NVDA has a number of outstanding features. NVDA allows users to use the mouse because the text that the mouse lands on is announced. NVDA has also been translated into approximately twenty languages, enabling individuals all over the world to have access to this screen reader. Finally, NVDA can be made portable because a copy can be stored on a thumb drive for use on any computer. No installation is necessary for use. All the user must do is plug in the thumb drive and access the copy that is on it, and the computer they are sitting at will begin talking (NV Access). This is excellent for blind individuals who must use screen readers in the work setting, such as for repairing others’ computers or using a computer in a place of business or library.
Is NVDA Like Jaws?
This particular question gets asked a lot, since Jaws has been the screen reader that has dominated the blindness industry for years and is the most well known. NVDA and Jaws share a lot of the same keystrokes, such as insert down arrow to read all of the text in a document, insert t for title of window, insert b for the dialog box, and insert 1 to turn on the keyboard help, if users choose to use the insert key to perform these actions. The makers of NVDA refer to the insert key as the NVDA key because the insert key is not the only key that can be used to perform these actions. The caps lock key can also be configured to serve as the NVDA key (NV Access). There are a number of differences from Jaws, as well. For one, NVDA allows users access to the actual mouse pad (NV Access), whereas Jaws has special keystrokes for accessing the mouse cursor (Freedom Scientific Inc.). Secondly, NVDA enables users to use object navigation to access various elements of a webpage (NV Access), whereas Jaws requires users to use the Jaws cursor (Freedom Scientific). Third, NVDA has been translated into about twenty languages (NV Access), whereas Jaws can only be purchased in only a handful of languages (Freedom Scientific). The last notable difference is that NVDA is the only screen reader that enables users to see the exact layout of a webpage, whereas other screen readers portray the layout as being a bunch of lists and menus. NVDA enables users to see the information in its true context (NV Access). Though there are many differences between Jaws and NVDA, individuals trained on Jaws will not have much trouble adjusting to NVDA, should individuals want to make NVDA their primary screen reader.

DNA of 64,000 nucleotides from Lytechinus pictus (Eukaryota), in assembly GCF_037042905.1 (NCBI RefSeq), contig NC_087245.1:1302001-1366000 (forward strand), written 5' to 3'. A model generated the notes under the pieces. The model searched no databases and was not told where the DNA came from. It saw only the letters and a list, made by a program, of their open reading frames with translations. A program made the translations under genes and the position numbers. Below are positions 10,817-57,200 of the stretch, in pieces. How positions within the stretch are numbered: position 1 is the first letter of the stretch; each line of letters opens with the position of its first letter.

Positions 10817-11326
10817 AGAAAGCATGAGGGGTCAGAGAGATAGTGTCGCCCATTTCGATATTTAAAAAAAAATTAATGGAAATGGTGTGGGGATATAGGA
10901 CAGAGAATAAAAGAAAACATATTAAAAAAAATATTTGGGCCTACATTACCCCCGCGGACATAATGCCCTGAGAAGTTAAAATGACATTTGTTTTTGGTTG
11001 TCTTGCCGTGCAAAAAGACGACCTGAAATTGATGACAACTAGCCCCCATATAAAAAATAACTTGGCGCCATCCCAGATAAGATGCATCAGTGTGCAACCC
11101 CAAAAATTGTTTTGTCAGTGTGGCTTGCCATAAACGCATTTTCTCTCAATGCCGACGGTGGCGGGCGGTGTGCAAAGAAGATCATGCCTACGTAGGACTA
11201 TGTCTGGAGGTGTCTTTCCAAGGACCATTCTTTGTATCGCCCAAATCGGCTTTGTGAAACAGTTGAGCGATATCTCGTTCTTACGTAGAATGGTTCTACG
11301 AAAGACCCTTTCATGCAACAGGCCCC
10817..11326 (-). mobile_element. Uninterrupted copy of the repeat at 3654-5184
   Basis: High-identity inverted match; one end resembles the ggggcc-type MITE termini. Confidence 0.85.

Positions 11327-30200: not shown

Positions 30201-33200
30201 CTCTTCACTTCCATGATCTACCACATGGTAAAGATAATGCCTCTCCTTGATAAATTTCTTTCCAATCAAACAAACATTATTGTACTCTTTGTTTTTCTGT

How to Help the Makers of NVDA
There are a number of ways that individuals can help the makers of NVDA. Individuals who are familiar with programming codes, such as Python and C++ are free to work on the project. Users who are not so savvy with programming code can donate to the project via accessing the donation link on the website or by making suggestions for improvements. NVDA is what it is because of the community and the development and support of the software largely depends on its users.
NVDA is a step in the right direction for the blind and visually impaired. This screen reading technology has not only opened up many doors for even the most impoverished blind person that were nonexistent before, but this screen reader has revolutionized the way the blind and visually impaired use the computer and access information. Thanks to NV Access, no individual is excluded because of their economic situation.
Freedom Scientific Inc. Freedomscientific.com. N.p., 2010. Web. 12 July 2010.
NV Access. “About NVDA.” NVDA Project. N.p., 2010. Web. 12 July 2010.
Weiss, Tara. “A Beacon Of Competence.” Forbs Magazine. N.p., 14 Mar. 2008. Web. 12 July 2010.